There are a few important milestones for Canon happening right now. 1) They’re celebrating their 70th Anniversary as a company. 2) They’re celebrating their 20th Anniversary of making EOS SLR cameras. 3) They’ve just produced their 30 Millionth EOS camera. Congratulations to Canon.
Canon made the switch from manual focus cameras to autofocus cameras in 1987 with the introduction of the EOS 650 camera. They had established a large loyal following through the 60s and 70s with pro-oriented cameras like the F1 and amateur-oriented cameras like the very popular AE-1. At one time, it seemed like everyone was using an AE-1. Then in 1987, they made the tough choice to change lens-mounts and come up with a totally new AF line of cameras and lenses. Even at that time, they were seeing the eventual change from film cameras to digital cameras, and with the new lens-mount system it would be easier to make that transition. After making the change, Canon has been more popular than ever, trading the #1 spot with Nikon back and forth ever since.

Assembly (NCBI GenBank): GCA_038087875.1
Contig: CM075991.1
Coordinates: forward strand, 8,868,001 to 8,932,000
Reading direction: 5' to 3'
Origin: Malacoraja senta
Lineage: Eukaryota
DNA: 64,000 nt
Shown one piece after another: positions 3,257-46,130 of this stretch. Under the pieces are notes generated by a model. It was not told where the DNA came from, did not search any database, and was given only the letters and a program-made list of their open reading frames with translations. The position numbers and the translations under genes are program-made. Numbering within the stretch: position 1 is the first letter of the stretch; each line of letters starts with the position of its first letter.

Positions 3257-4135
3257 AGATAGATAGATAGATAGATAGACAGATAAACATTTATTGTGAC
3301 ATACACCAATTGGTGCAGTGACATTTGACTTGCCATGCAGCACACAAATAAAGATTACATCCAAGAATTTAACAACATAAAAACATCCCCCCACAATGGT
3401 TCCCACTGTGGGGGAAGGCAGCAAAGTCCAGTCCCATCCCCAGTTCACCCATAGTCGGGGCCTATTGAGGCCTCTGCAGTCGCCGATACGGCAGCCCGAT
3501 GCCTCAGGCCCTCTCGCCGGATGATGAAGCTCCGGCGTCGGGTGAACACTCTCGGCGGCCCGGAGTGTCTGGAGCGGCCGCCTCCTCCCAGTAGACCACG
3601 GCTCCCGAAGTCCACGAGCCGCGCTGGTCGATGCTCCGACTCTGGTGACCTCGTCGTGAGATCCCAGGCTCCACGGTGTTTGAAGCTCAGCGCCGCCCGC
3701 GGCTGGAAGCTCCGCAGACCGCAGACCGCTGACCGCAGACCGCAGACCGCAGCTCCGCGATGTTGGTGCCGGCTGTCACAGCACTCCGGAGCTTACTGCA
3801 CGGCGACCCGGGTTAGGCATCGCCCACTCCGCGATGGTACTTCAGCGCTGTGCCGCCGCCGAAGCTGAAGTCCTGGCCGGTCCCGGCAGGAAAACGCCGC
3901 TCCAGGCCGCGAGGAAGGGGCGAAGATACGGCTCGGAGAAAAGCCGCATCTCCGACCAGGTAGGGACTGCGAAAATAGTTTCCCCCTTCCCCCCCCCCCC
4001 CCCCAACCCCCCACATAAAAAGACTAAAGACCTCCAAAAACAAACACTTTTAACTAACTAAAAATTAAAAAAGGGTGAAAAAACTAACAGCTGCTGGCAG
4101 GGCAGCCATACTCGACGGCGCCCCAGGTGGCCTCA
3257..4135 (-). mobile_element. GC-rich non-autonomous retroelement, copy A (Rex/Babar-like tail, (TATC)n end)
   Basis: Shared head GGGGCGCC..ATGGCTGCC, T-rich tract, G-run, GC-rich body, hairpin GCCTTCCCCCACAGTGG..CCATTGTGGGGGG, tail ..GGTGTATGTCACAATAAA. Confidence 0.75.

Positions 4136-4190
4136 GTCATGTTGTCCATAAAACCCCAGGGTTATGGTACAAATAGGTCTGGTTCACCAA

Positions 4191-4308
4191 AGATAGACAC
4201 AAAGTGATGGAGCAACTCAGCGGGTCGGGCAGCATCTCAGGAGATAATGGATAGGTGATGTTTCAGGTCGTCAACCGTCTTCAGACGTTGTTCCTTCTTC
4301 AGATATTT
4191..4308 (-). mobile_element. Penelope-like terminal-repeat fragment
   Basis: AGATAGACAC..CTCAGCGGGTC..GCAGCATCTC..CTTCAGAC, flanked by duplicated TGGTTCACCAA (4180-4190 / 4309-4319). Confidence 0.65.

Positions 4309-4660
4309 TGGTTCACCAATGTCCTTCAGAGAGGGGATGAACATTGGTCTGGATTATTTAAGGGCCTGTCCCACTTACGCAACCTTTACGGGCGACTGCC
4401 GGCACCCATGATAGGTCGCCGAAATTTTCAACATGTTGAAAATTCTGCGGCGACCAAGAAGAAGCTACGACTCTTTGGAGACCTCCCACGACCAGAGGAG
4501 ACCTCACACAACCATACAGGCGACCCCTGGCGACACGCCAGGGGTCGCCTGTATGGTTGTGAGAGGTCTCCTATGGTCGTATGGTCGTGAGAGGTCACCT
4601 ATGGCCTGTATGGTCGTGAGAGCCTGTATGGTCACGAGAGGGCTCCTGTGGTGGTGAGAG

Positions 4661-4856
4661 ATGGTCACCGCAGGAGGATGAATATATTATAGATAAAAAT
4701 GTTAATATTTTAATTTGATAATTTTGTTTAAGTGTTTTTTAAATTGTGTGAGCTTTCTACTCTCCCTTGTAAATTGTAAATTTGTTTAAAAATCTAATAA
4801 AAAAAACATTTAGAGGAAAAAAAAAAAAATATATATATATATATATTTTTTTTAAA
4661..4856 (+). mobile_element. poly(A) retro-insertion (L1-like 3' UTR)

I bought my first Canon SLR in 1989, when I picked up a brand new EOS-1, their professional level camera. I loved the camera and the Canon lenses. Previously, I had been using first Nikon and then Olympus cameras, but decided to make the shift to autofocus, since that was where the industry was going. I never regretted that decision. Over the years I’ve continued to use Canon cameras, switching to digital bodies when they became available—first the D30 in 2000, then a 10D, a Rebel XTi, and soon a 40D. It’s been a fun trip and I plan to continue using these fine cameras. Thanks, Canon.